55. By entertaining all sorts of comers, as brokers, and particularly by buying bed clothes and hangings.

These are all taken from The shutting up of houses as it is practised in England soberly debated (1665), a tract like the exactly contemporary Golgotha …with an humble witness against the Cruel Advice and Practice of Shutting-up, arguing against the forcible incarceration of everyone in any household that had been ‘visited’ by the plague. The anonymous author reports this survey, taken from the reports of any surviving witnesses, of what the plague-stricken assigned their infection to: and none of these causes are there to be debunked, rather their variety is there to show that the means of transmission are so various, that the standard means of preventing the spread of plague has no merit. He rather proposes that the practice of shutting up is counter-productive: fastening people in their homes with the sick and dying promotes melancholy, which leads to fever, and then triggers the plague itself.

The tract is voiced for the afflicted, denied ‘the freedom of the Ayre’ and the visits from genuinely skilful doctors and concerned and kind family (the author inveighs against the nurses appointed by the city authorities as the ‘off-scouring of the City’ and ‘dirty, ugly and unwholesome Haggs’, who watched for the moment to ransack the houses).

Both of these tracts recommend the practices of the Dutch authorities, who allowed the sick out at appointed times (wearing marks to identify their condition), though the author of Golgotha strongly commends the healthful properties of tobacco smoke.

My colleague, Professor Justin Champion, mentioned this 17th century vox pop. survey in passing, while lamenting the fact that he is called on a weekly basis by the media to supply a quote or a context every time the word ‘plague’ comes up.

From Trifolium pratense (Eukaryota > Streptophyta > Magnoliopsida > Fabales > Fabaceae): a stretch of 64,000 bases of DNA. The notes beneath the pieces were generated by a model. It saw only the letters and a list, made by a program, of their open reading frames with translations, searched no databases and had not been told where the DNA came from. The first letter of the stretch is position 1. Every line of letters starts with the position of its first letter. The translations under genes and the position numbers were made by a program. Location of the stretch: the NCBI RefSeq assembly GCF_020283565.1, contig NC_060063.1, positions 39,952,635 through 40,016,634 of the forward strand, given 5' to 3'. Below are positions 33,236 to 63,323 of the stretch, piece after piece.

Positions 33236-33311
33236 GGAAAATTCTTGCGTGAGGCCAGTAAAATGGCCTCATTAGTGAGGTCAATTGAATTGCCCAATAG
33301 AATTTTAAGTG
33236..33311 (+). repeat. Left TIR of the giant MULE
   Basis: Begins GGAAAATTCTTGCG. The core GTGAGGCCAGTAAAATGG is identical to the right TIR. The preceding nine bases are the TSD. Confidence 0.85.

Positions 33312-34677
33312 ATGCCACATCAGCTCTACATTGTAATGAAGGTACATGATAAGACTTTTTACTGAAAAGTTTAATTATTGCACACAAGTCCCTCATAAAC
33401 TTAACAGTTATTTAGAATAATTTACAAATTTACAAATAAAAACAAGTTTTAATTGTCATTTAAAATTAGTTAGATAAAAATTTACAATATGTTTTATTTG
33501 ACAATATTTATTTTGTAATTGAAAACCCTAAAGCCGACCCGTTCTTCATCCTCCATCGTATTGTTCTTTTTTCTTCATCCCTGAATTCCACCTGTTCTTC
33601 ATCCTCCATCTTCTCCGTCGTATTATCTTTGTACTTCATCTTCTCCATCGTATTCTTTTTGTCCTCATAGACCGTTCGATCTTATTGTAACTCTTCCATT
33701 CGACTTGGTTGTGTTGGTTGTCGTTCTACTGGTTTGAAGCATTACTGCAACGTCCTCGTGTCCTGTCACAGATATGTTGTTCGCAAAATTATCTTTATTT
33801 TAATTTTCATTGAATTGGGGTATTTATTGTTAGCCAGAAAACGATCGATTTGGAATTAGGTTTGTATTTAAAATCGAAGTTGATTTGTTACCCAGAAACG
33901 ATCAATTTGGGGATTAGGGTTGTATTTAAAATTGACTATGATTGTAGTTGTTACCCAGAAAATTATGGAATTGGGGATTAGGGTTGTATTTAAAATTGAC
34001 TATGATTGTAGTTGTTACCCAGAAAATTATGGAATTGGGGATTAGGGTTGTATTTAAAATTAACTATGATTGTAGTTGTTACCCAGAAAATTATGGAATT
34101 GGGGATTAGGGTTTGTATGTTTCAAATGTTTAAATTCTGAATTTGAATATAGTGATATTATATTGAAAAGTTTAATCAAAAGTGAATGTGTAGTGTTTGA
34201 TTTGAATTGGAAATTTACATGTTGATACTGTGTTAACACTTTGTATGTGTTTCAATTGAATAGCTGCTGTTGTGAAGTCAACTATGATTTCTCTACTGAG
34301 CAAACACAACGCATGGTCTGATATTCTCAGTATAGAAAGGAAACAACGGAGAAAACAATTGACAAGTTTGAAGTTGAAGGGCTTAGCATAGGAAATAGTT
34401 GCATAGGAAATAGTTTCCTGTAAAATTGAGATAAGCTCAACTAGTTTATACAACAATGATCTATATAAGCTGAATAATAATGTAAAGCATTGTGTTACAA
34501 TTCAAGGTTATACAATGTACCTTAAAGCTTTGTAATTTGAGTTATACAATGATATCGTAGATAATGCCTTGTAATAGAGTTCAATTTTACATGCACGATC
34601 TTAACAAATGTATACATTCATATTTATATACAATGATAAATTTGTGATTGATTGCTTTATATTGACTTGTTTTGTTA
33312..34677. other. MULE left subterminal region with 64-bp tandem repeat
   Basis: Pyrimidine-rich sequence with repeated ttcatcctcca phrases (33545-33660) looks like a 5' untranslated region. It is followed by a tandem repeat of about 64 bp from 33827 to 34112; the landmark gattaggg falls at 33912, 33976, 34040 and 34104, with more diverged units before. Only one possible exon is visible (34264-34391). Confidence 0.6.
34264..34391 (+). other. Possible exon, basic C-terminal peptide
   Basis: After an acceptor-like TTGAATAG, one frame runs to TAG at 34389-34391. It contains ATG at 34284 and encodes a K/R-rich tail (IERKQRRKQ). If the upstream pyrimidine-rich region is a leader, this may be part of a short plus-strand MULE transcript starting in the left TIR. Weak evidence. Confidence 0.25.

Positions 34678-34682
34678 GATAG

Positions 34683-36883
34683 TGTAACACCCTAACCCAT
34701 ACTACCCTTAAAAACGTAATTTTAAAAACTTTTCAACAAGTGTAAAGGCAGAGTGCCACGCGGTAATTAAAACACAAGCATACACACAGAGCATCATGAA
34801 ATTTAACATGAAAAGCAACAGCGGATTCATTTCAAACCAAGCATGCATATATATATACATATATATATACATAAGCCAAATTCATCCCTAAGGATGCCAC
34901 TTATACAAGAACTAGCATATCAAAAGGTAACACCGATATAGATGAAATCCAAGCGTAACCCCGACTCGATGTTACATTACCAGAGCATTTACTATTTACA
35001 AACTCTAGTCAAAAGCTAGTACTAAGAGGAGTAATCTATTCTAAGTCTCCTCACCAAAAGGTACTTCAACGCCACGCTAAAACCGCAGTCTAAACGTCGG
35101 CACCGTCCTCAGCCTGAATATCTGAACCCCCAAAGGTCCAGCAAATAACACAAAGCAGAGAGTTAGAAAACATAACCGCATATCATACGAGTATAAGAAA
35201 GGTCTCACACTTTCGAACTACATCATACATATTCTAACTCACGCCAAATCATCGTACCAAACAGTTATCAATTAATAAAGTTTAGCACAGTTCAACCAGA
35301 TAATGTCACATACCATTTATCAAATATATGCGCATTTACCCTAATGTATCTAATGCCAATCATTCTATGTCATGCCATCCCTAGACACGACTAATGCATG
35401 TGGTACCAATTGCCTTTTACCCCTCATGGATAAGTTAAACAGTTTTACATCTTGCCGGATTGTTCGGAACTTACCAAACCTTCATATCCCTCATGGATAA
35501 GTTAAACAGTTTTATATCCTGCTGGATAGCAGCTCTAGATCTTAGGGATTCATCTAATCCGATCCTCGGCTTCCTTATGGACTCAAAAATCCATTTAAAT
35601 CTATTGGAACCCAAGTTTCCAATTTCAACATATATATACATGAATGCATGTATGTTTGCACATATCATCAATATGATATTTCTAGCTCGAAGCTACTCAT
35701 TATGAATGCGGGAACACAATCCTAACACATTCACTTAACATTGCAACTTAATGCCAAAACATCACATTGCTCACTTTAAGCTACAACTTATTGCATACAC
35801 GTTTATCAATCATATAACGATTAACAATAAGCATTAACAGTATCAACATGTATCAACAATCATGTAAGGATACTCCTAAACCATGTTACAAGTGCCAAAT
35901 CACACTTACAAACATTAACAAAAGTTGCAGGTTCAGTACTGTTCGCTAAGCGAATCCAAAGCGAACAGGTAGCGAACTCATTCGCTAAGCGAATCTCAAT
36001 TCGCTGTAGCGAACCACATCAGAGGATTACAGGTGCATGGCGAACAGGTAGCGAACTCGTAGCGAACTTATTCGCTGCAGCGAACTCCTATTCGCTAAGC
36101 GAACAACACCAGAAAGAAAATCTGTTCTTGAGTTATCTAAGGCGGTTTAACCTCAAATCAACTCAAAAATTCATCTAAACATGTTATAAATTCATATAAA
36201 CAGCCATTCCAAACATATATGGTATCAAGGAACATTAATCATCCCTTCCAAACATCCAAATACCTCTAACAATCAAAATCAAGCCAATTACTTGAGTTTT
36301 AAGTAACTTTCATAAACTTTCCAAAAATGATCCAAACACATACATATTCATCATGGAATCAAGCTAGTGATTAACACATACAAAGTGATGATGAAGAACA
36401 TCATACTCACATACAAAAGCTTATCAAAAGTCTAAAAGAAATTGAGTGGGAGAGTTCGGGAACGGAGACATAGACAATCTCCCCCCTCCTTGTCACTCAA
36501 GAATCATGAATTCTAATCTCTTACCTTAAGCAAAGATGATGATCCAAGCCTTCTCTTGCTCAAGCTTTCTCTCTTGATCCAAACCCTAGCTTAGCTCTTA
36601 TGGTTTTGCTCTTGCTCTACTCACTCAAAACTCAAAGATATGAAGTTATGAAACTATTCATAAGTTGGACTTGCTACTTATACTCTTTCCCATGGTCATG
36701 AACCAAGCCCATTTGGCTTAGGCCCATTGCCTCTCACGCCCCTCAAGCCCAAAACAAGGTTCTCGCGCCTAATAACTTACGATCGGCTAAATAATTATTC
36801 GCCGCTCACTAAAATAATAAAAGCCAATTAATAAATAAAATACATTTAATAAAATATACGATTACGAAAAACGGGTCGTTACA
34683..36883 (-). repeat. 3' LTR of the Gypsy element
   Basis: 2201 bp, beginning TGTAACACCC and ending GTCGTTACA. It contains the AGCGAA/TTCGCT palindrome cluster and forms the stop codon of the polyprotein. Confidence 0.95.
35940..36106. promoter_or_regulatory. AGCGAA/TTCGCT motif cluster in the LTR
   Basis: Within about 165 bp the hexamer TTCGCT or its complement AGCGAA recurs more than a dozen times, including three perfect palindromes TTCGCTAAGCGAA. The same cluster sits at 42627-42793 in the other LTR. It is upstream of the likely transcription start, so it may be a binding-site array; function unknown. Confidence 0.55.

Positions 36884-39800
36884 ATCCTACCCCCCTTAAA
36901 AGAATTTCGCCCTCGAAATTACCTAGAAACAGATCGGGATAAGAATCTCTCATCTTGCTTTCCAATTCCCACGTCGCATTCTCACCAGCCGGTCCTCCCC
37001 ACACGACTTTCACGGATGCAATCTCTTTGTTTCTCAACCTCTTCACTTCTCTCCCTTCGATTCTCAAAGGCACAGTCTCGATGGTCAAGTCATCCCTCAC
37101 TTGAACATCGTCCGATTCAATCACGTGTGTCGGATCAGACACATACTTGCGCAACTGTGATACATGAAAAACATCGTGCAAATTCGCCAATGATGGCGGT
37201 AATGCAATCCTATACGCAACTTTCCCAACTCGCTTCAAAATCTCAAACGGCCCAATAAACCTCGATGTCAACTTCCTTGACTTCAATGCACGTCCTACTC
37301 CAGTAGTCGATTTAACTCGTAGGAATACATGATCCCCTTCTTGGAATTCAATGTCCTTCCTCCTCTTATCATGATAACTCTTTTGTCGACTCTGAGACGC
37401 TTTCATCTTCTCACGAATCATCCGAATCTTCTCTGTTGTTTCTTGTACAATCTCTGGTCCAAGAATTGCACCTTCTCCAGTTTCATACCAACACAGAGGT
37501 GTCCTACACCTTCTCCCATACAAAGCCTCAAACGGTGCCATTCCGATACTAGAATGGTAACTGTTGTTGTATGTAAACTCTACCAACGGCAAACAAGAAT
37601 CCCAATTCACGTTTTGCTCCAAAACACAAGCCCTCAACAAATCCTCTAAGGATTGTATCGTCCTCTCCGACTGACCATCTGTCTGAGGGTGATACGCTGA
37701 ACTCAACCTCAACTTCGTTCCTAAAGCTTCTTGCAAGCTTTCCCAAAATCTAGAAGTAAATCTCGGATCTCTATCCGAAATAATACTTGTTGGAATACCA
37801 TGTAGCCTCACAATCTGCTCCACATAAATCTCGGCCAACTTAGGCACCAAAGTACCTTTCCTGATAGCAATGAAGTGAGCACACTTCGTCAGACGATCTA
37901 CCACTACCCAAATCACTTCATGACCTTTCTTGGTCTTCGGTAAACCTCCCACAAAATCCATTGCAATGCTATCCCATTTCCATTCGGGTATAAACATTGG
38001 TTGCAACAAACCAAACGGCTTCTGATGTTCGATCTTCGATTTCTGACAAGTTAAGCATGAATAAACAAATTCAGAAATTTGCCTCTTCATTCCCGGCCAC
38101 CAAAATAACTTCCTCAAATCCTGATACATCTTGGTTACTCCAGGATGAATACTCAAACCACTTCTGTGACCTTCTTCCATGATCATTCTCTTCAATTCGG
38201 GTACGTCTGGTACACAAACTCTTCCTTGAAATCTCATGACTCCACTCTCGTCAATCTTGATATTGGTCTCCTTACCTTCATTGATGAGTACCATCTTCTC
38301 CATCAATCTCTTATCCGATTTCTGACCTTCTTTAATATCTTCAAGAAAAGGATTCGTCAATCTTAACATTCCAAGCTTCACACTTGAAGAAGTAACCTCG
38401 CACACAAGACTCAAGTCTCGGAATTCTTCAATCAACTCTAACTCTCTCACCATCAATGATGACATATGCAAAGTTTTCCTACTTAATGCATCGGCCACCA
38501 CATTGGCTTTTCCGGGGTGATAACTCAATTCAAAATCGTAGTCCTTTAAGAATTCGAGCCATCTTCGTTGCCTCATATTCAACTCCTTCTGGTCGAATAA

phoenix said...

Wow! I always knew cabbages did more harm then the alleged world of good. On the other hand, I never for one imagined these evil vegs being put to blame for helping transmit the plague. I only wonder what our author thought about some of these strange beliefs. How serious was he when reporting these claims?!!

DrRoy said...

It suits the author's overall rhetorical purpose, Phoenix, to imply that all these imputed causes are equally likely to be valid. (And how very recognisable it is to have something arbitrary to an outsider that you pin down as the thing that made you ill, as these unfortunates do.) If the vectors (as we would say) of the plague are so manifold, the usual precautions are ridiculous. As Justin Champion says to people, even our accepted explanations for the transmission of plague still tend to be specific to our culture: Anglophones go for rat fleas, while French scholarship emphasises head-lice (apparently). You will probably have seen that there are scholars who deny that the Black Death itself was anything to do with Yersinia Pestis, but was an unknown viral disease, which bubonic plague happens to resemble. Investigations of the dental pulp of plague victims does seem to confirm that bacterium was the culprit (but I don't think they have got teeth from before the 16th century).